As a consequence of this mechanism of paradoxical duplication, Mumbo Jumbo spotlights the textual nature of its whole referential universe, including the historical referent itself. Unlike other world views, Neo-HooDooism resists restrictive encodings. All these characteristics form a historical-aesthetic counter-system that seeks to rewrite historical and literary traditions in order to demystify the hegemonic forms of representation. After a work as ambitious and innovative as Mumbo Jumbo, it is not surprising that critics were less enthusiastic about The Last Days of Louisiana Red The victim, Ed Yellings, is representative of the industrious black bourgeoisie.
The novel suggests that Yellings had been a member of a secret society at war with a conglomerate of multinational capitalism and Judeo-Christian culture known as the Louisiana Red Corporation. Chorus is representative of the situation of blacks in a white world, caught in a restricted role and permanently threatened with expulsion. In actuality, however, Reed is attacking the tragic sense of life that has permeated both Judeo-Christian culture and black liberation movements. Through the so-called Moochers, Reed criticizes the intolerant attitudes and gratuitous violence rampant among the most radical sectors of the black nationalist movements, something he had already condemned in each of his previous novels, and that now becomes the main focus of his satire.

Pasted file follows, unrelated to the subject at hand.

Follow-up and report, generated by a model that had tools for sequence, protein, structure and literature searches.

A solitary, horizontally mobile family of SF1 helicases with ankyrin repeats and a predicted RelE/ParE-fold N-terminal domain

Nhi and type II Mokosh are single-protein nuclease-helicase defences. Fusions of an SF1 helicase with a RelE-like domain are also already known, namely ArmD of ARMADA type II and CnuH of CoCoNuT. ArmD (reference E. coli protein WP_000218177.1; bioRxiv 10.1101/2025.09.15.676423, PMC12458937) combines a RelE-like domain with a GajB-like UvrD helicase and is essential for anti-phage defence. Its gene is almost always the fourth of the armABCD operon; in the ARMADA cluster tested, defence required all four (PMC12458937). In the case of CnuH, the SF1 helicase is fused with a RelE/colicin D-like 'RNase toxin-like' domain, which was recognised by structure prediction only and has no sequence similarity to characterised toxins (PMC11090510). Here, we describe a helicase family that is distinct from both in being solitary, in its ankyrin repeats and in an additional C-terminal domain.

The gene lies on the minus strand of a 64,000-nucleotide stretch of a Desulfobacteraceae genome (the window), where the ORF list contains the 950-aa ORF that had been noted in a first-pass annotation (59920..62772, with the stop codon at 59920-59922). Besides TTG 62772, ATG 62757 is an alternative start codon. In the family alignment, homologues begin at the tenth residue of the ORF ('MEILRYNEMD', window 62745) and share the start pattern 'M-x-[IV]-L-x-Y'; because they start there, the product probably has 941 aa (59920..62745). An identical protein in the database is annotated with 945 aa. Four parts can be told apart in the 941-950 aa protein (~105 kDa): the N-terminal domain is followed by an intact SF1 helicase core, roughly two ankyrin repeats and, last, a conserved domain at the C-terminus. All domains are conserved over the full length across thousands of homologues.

In its pages he attacks the most untouchable myths of US tradition, focusing on the period of the Civil War. Lincoln is portrayed as an illiterate and opportunist who declares emancipation of the slaves in an act of cunning political pragmatism. Along with nineteenth-century characters and situations, the novel introduces elements from twentieth-century technology telephones, walkie-talkies, microphones, cassettes, xerox machines, radios, TVs, videos, computers, cars, airplanes, and helicopters.